November 4, 2019 by Paul Goldsmith
The General Election on December 12th 2019 is arguably the most consequential in many of our lifetimes.
The Conservatives are doing two things: The first is trying to change the Parliamentary arithmetic to get a Brexit deal through, or to be able to Leave with no deal if they can’t. The second is to deliver a manifesto (based around the NHS, schools and education) that is likely to be tailormade to attract voters in Leave areas who may never have voted Conservative before.
The Labour Party will probably produce the most radically left-wing manifesto in living memory. Policies could include a four-day week, nationalisation of a variety of industries, a Green New Deal, large rises in tax for those on higher incomes, and of course it will be interesting to see what their eventual Private Schools policy will look like (yes, I declare an interest).
The Liberal Democrats think they have a realistic chance of winning up to 200 seats. Should they achieve a majority, they have committed to revoke Article 50 without a referendum. Other policies are likely to tread a line between the positions of the Conservatives and Labour. In addition, constitutional reform, particularly of the electoral system, will be on the Lib Dems agenda.
The Brexit Party are the most difficult to predict. Whilst Nigel Farage has indicated he would want a far ‘cleaner’ Brexit than Boris’s deal, it is not yet clear what he will do if that doesn’t happen. They could target 20 seats with everything they have, they could target every seat, or they could focus on, say, two hundred. Whatever they do, they could take votes from Tories and Labour, and change quite a few constituency outcomes. Policy wise, the Brexit Party’s economic ideas tend to be quite left-wing, mixed with more socially right wing measures.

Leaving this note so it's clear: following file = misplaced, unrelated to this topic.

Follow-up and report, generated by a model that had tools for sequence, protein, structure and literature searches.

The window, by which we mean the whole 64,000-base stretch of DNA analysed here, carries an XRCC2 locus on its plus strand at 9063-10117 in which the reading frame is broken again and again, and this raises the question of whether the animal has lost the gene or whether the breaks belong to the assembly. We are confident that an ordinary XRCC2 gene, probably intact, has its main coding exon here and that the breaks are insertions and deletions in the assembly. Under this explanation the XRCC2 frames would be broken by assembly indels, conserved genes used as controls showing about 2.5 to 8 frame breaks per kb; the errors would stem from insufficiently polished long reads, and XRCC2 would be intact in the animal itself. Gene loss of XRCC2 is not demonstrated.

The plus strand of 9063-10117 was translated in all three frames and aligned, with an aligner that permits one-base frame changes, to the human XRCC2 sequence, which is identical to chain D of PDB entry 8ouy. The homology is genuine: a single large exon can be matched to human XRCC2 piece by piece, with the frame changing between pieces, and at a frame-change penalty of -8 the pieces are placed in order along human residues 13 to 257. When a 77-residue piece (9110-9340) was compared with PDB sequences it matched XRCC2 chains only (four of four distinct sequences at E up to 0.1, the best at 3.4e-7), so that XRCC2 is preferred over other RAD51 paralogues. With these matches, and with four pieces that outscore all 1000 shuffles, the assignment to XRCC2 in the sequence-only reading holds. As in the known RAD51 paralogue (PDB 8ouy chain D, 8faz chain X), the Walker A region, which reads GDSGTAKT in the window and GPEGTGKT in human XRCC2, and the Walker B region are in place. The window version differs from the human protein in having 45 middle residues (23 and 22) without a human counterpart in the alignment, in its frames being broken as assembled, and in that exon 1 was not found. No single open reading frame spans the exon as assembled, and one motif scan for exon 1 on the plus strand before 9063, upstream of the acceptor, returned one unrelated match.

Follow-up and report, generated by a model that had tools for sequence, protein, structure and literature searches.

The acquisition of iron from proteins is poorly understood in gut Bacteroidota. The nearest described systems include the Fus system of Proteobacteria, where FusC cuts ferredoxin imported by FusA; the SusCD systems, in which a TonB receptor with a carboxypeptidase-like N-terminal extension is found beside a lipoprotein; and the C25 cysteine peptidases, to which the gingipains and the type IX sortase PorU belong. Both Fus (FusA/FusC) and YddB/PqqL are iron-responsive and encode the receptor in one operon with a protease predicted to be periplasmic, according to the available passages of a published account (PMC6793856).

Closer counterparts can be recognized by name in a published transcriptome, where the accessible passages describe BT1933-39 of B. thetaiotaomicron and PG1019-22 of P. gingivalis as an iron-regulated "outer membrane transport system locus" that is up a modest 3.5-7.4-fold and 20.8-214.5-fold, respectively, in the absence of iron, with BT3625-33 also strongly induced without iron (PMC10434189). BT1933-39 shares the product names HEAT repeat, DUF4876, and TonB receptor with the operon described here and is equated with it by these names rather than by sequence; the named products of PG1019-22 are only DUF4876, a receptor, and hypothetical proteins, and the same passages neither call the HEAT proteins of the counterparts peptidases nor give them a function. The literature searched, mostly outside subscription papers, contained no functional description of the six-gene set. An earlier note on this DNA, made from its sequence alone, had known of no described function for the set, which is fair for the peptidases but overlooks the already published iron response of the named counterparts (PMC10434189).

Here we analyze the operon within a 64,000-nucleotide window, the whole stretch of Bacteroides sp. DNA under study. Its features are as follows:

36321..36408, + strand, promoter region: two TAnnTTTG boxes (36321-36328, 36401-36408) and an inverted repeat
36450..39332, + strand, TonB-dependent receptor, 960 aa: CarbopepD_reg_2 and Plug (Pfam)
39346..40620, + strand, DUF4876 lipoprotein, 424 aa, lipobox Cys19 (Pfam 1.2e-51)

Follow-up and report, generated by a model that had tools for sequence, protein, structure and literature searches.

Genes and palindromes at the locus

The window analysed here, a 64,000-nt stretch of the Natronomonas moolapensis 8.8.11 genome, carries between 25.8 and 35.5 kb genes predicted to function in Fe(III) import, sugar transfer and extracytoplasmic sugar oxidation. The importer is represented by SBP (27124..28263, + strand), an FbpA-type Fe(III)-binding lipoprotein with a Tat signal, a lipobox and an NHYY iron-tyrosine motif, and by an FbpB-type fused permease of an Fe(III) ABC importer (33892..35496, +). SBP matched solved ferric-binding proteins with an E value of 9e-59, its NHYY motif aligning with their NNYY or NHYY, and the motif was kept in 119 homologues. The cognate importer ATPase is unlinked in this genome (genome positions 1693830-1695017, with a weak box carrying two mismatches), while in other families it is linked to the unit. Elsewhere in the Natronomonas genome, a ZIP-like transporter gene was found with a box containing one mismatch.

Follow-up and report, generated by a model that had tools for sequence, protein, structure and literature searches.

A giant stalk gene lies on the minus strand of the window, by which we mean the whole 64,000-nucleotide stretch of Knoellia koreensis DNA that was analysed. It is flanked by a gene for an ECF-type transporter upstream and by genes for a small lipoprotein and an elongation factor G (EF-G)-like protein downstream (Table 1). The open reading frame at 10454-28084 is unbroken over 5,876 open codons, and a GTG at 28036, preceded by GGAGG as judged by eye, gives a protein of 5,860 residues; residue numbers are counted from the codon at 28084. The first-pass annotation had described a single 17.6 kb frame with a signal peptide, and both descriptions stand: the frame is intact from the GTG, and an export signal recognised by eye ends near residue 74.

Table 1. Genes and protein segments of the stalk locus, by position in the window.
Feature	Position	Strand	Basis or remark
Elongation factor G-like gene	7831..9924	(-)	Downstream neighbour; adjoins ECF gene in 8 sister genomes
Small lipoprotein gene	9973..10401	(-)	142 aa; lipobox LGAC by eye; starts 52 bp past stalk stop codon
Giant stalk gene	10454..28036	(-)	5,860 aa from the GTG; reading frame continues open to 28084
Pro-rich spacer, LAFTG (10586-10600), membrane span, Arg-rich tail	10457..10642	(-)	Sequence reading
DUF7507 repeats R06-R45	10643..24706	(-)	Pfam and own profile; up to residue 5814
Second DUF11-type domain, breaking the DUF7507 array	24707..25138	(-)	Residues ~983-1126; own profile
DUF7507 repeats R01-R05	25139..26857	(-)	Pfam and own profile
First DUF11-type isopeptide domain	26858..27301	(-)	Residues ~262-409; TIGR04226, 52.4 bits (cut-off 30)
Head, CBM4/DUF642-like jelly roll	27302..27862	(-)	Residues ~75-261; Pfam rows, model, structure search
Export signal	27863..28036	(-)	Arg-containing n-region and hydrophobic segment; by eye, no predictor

There is also a big question about Scotland. Up against a Scottish Conservative Party shorn of the brilliant Ruth Davidson and a Scottish Labour Party led by an Englishman (Richard Leonard), Nicola Sturgeon could well lead the SNP back to their seat dominance from 2015. If this happens, it is almost impossible to see Labour getting anywhere near a majority in particular, but it will be a struggle for the Conservatives too. The key will be where the Unionist vote in Scotland goes. Given the SNP are chomping at the bit for another Scottish Independence Referendum, the stakes are very high north of the border.
As for me, I am planning to bring you a Goldblog as much as I can up to the election. Do feel free to hold me to that!